sort a hashmap, fast

Imagine you have an hash map where key is an String and value is a integer.
Now you want to sort based on the value of each entry in this hashmap in descanding order.

Here is how I do it:

List<Map.Entry<String, Integer>> list = new Vector<Map.Entry<String, Integer>>(myHashMap.entrySet());
java.util.Collections.sort(list, new Comparator<Map.Entry<String, Integer>>() {
      public int compare(Map.Entry<String, Integer> e, Map.Entry<String, Integer> e1) {
          return (e.getValue().equals(e1.getValue()) ? 0 : (e.getValue() > e1.getValue() ? 1 : -1));
}}); 
 

Now the list contains the sorted entrys from hashmap ‘THashMap myHashMap<String,Integer>’.
Iterate over it or copy it back to ‘myHashMap’ if you need to.

Hope this helps …

java decompilers

Because I have no recent Backup of the big java project I was working I have to decompile the class Files that are in this jar.
I found 3 different java decompilers for mac os x.

  1. MacJAD (google for Download)
    – onyl able to open single class files
  2. JarInspector (http://www.codeland.org/)
    + can open jar files
    + correct 
    – unable to decompile the anonymous inner classes I use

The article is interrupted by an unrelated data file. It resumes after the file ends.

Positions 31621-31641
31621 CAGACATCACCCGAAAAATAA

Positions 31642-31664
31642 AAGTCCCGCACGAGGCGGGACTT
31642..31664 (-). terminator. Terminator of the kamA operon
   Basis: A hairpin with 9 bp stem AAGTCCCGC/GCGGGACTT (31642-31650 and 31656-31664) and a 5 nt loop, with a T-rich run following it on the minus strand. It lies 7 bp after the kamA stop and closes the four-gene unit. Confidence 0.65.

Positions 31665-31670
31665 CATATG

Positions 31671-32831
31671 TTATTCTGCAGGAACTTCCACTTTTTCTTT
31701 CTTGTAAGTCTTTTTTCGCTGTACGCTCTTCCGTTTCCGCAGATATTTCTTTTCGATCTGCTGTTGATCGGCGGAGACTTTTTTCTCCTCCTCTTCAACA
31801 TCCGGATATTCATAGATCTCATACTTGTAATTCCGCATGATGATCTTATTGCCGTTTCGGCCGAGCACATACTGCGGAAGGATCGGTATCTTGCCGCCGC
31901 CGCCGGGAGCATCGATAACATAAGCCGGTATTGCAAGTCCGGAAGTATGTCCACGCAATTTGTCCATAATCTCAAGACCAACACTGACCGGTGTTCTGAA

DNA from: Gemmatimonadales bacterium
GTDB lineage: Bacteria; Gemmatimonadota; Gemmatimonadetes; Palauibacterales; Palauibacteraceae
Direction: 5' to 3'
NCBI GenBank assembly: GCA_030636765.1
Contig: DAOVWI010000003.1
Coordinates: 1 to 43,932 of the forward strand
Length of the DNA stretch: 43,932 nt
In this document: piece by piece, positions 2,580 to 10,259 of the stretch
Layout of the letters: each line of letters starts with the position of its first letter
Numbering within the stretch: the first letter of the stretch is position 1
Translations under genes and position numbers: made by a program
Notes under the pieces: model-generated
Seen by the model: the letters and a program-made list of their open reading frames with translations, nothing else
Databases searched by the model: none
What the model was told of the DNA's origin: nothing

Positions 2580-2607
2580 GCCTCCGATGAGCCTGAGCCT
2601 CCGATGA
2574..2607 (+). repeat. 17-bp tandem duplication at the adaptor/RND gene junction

– seems to be confused by nested catch and try blocks 
  3. JD-GUI (http://java.decompiler.free.fr/)  
    + can open jar files
    + 90% able to decompiling anonymous inner classes

A big problem all tools share is that if you have nested iterations, for/while loops they all rename the variable you iterate over to ‘i$’. So it’s possible if your code looks like this:

while(iterator.hashNext()) {
...
    for(int varA; ....){
        for(int varB; ....){.....}
    }
...
}

the decompiled code will end up looking this:

while(i$.hashNext()) {
...
    for(int i$; ....){
        for(int i$; ....){.....}
    }
...
}

which isn’t really funny …

My conclusion is that JarInspector seems to be the best but if you need the inner class support use JD-GUI for the parts of the code those are in.

trove4j

For those who don’t know there is some nice gnu package you can use anywhere a normal HashMap is needed.

Just

import gnu.trove.THashMap;

and use it. The only thing that differs is speed and memory usage.

Currently I’m making a differential analysis for over 1800 documents. This means comparing all documents agains each other.
approx. (1800*1799)/2=1619100 comparisons. The average file size is 0.8 MB

With HashMap<String,Integer> I’ll use about 13Gig of Ram and need about 3h20min
With THashMap<String,Integer> I’ll never need more than 8 Gig and need about 2h40min

The THashMap is part of trove4j library.

It is descibed on their webpage:

“The Trove library provides high speed regular and primitive collections for Java.”

For more Infos visit their webpage at: http://trove4j.sourceforge.net/